When people living outside the United Kingdom are asked to name one place they can think of in the UK, the answer will usually be London, which is no surprise seeing as it’s the capital city and the biggest in the United Kingdom.
In terms of sport, London is well known thanks to the number of big name football clubs based in the city including Chelsea, Arsenal, Tottenham Hotspur, Crystal Palace and Fulham. Outside of football, London regularly hosts major sporting events, including most prestigious tennis tournament in the world that takes place at Wimbledon every summer.
In 2012 the city hosted what was arguably the best Olympic Games to date, and Team GB achieved great success across multiple disciplines.
But when it comes to producing sporting talent, how well does London perform compared to the rest of the country?
No one can deny the popularity of football and in terms of fan base and money, it has to be the biggest sport on the planet. There are many top professional football players who were born and grew up in London.
One of biggest names to come from London is John Terry, who went on to captain Chelsea and England. Terry was born in Barking and won the Premier League five times, the FA Cup times and the Champions League.
Looking at the England team which impressed in the 2018 World Cup, Harry Kane is arguably the biggest player to hail from London. He finished top scorer in the Premier League on more than one occasion for Tottenham Hotspur and also won the Golden Boot award for top goal scorer in Russia.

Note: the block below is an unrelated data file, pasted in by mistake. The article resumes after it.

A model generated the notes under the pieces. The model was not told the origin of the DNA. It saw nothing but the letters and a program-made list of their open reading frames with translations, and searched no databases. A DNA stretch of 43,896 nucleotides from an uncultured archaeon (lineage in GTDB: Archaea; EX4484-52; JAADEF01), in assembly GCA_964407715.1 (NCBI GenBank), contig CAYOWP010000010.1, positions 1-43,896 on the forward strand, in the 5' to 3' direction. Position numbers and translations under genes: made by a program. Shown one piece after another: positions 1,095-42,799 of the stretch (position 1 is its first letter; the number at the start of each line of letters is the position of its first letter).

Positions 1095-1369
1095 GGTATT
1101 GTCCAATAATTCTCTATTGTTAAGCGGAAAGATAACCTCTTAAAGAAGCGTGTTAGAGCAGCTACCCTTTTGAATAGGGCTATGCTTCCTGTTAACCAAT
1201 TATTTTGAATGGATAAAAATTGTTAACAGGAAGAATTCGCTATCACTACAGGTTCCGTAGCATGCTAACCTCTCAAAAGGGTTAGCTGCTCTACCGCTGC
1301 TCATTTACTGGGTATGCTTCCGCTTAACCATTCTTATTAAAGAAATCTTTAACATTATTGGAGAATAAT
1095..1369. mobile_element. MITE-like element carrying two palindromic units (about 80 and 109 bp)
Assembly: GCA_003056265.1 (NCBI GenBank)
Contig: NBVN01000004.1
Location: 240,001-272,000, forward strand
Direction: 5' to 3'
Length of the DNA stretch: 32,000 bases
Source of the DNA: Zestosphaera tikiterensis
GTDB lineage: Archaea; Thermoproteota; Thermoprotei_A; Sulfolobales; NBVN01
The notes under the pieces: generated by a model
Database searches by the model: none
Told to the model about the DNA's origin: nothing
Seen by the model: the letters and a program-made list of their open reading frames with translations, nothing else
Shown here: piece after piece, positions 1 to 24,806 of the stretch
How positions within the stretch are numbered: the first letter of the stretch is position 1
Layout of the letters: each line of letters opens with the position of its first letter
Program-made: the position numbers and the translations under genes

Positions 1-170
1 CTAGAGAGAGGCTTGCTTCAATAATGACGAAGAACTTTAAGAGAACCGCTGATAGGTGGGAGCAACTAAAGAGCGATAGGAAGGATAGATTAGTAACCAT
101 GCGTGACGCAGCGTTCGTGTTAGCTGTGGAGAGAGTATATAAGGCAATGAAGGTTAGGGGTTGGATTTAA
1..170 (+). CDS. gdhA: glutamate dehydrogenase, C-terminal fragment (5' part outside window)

Interestingly, well over 50% of the England squad which travelled to Russia for the World Cup were northerners, meaning London and the South were under-represented in this particular team.
But what about other sports? How well is London represented by today’s sports stars outside of football?
Anthony Joshua has been making plenty of headlines in recent years. The boxer was born in Watford and won gold at the 2012 Olympic Games in London. The heavyweight has since won the Commonwealth heavyweight title, British heavyweight title, IBF heavyweight title and IBO heavyweight title and in the process, has become a world-famous athlete.
Joshua’s impressive victory over Wladimir Klitschko at Wembley in April 2017 really put his name on the map outside of the UK.
Image Caption: Mapping where Britain’s current top sports stars grew up
Another athlete who also achieved great success at the London 2012 Olympics is Mo Farah. Born in Somalia, Farah moved and grew up in London, attending Isleworth and Syon School plus Feltham Community College. Farah participated in the London Youth Games and went on to win gold at multiple European Championships, Olympic Games and World Championships.
In one of his most recent successes, Farah broke the European record at the 2018 Chicago Marathon and continues to represent the United Kingdom and London with distinction.
Other sports where London is well represented include rugby and cricket. Joe Marler, Kyle Sinckler, Harry Williams, Maro Itoje and Chris Robshaw are five of several players in the current England rugby union set-up who have their roots in London. Robshaw was captain of the England rugby team for over three years and has twice won the Aviva Premiership Player of the Year award.
Dawid Malan, Ollie Pope and Jamie Porter were part of the England cricket team which faced India in 2018 and both Malan and Pope have travelled to Sri Lanka with the squad for the autumn series.
While many of the names above may not have won all the major titles within their chosen sport, they are representing their country at the highest level.
For many Londoners, and indeed Brits in general, sport plays a very important part in their lives. Participating in and watching sport is a favourite pastime for many and the city is well equipped to help develop up and coming talent across many different disciplines.
London 2012 may have passed quite a while ago, but it left a great legacy behind in the city and was instrumental in encouraging youngsters to get involved in sport. As a result, it surely wont be long until the next generation of athletes born in London make an impact on the world scale across a variety of different sports.